Spencer or Twirling with No Substance

Kristen Stewart as Diana Spencer

Halfway through Spencer I began to question whether I have ever liked Pablo Larrain as a filmmaker. Earlier this year his adaptation of Stephen King’s Lisey’s Story was unwatchable. I did not care for The Club (2015). But I had to remind myself that I liked No (2012), Jackie (2016) and Neruda (2016). Maybe this new one will end up in the like column as well. Alas it did not.

Spencer is supposedly the story of the weekend country sojourn in which Princess Diana of Wales, née Spencer (Kristen Stewart), decided to divorce Prince Charles (Jack Farthing). It’s told like a ghost story; a woman in peril in a big house, surrounded by dubious people, some might be in her corner, others want to sabotage her. It’s Diana as Rebecca (1940). And it’s as alienating as much of Larrain’s work. Though done with top notch craft and an aesthetic recognizable to most cinephiles.

Larrain and screenwriter Steven Knight have a good premise. They are trying to tell a story of finding the fortitude to break away from a life that’s suffocating while being completely isolated. However they run out of narrative threads quickly and spend the rest of the movie repeating themselves. Diana, isolated with no one to trust. The servants in the big house (Timothy Spall, Sean Harris and Sally Hawkins among them) might be spying on her for the royal family. Or are they her allies? Repeat over and over again. Then so many scenes of Diana running. Along hallways, in the meadows. And so much twirling. So much twirling. So much of it that it bears repeating. The movie’s true title should’ve been “Twirling With No Substance.” Who knew it would be Larrain who would inherit the mantle from Terence Malick in this most dubious of categories.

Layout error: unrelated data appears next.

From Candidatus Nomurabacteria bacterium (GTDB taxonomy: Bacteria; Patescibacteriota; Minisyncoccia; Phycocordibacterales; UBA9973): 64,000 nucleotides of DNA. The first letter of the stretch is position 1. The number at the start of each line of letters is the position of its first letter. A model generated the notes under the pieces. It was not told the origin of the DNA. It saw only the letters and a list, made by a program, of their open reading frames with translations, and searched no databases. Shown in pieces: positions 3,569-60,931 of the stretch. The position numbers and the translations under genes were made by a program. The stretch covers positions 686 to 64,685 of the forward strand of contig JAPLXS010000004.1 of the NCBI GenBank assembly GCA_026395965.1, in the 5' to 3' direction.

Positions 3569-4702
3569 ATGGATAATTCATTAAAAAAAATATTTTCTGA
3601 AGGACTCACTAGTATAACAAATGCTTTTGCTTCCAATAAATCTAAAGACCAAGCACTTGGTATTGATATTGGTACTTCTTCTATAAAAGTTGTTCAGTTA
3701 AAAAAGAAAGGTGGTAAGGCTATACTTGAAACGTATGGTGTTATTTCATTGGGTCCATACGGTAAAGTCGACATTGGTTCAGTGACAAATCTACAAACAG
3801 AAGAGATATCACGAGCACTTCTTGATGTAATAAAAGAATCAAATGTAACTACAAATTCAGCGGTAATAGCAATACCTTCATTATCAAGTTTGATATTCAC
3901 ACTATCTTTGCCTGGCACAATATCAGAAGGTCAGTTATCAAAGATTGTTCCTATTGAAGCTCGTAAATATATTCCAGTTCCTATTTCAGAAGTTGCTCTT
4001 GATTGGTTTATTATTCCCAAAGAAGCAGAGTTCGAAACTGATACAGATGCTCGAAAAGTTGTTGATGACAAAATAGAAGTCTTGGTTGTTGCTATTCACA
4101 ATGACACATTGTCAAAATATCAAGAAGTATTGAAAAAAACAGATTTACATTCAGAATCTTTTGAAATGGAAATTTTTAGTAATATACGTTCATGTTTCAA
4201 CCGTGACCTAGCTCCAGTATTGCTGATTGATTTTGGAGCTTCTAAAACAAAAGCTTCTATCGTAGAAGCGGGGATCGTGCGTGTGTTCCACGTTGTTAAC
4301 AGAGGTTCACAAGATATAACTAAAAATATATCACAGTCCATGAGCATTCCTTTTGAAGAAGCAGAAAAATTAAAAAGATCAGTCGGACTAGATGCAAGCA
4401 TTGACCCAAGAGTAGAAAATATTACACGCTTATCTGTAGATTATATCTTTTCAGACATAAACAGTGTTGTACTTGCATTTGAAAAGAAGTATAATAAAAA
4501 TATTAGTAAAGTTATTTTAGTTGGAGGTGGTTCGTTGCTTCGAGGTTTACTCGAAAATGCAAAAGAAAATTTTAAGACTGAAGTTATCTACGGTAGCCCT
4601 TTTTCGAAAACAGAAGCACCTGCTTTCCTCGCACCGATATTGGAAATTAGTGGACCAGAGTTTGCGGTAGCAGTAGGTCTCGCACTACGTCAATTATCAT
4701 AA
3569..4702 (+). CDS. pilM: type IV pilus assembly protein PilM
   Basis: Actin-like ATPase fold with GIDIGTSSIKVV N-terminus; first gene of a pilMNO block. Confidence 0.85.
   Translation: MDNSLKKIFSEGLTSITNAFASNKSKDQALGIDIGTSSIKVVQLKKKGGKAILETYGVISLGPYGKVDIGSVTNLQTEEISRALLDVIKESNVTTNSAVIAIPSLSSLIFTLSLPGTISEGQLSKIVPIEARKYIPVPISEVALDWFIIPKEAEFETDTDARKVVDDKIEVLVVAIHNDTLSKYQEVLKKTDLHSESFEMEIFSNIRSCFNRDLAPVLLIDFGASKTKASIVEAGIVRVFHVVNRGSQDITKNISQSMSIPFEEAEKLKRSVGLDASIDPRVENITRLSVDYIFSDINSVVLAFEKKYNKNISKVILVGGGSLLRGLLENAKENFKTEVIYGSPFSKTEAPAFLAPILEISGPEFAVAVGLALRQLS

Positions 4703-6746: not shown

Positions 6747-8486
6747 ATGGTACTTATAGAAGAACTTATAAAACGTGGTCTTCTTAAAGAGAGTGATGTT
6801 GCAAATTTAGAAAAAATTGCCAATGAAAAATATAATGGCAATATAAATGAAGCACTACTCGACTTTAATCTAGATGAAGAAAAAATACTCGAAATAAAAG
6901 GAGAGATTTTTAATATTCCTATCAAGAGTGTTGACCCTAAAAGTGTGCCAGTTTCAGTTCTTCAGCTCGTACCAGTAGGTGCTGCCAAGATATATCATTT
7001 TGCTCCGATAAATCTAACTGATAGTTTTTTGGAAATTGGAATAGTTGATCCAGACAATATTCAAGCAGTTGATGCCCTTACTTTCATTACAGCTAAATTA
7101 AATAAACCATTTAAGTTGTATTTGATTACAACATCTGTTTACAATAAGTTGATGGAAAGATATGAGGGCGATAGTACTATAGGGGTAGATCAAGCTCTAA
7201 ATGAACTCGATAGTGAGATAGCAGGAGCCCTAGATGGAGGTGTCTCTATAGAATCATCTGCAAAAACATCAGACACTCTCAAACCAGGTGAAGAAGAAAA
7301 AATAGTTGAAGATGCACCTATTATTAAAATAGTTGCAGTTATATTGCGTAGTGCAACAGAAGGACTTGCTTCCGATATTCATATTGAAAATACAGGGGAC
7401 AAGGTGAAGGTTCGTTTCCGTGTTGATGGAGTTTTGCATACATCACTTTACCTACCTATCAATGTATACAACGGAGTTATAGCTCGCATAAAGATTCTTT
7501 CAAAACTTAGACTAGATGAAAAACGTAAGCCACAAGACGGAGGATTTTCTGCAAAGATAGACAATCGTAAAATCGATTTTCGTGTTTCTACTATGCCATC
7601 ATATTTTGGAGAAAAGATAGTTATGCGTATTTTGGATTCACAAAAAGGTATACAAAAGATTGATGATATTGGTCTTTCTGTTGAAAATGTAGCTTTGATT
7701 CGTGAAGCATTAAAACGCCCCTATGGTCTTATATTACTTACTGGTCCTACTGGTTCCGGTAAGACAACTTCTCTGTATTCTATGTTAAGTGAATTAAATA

There is nothing about what Knight wrote or what Stewart plays that is specifically about Diana. The details are vague. This could be about any anonymous rich white lady trapped in a cult. One who has access to fancy clothes, castles, maids and personal cooks. Stewart plays her like a haunted woman trapped and she’s effective. However she neither looks nor sounds like Diana. Inhabitation is not necessary with biopics, sometimes just a nod to the real person is enough. See Renee Zellweger as Judy Garland. But there’s not even a nod here. If this wasn’t called ‘Spencer” we wouldn’t be talking about awards. Nor would a swath of the potential audience be interested. So maybe it’s a calculated move. Let’s make a movie about a haunted woman trying to escape from a cult. Any woman, no need to be specific nor add any recognizable details. But still call it Spencer. Boo! Awards. Buzz. Magazine covers. Box office though might not materialize if enough people catch on to what it really is. 

Impersonation aside, Stewart is no more than fine. She plays this woman as very frightened, as if she’s in a gothic horror film. Whispery breathy voice, quizzical look. It fits the framework Larrain put her in. However the critical response to this performance is baffling. Even within Stewart’s limited oeuvre it doesn’t stand out. She’s been much more affecting with Olivier Assayas in Clouds of Sils Maria (2015) and Personal Shopper (2017).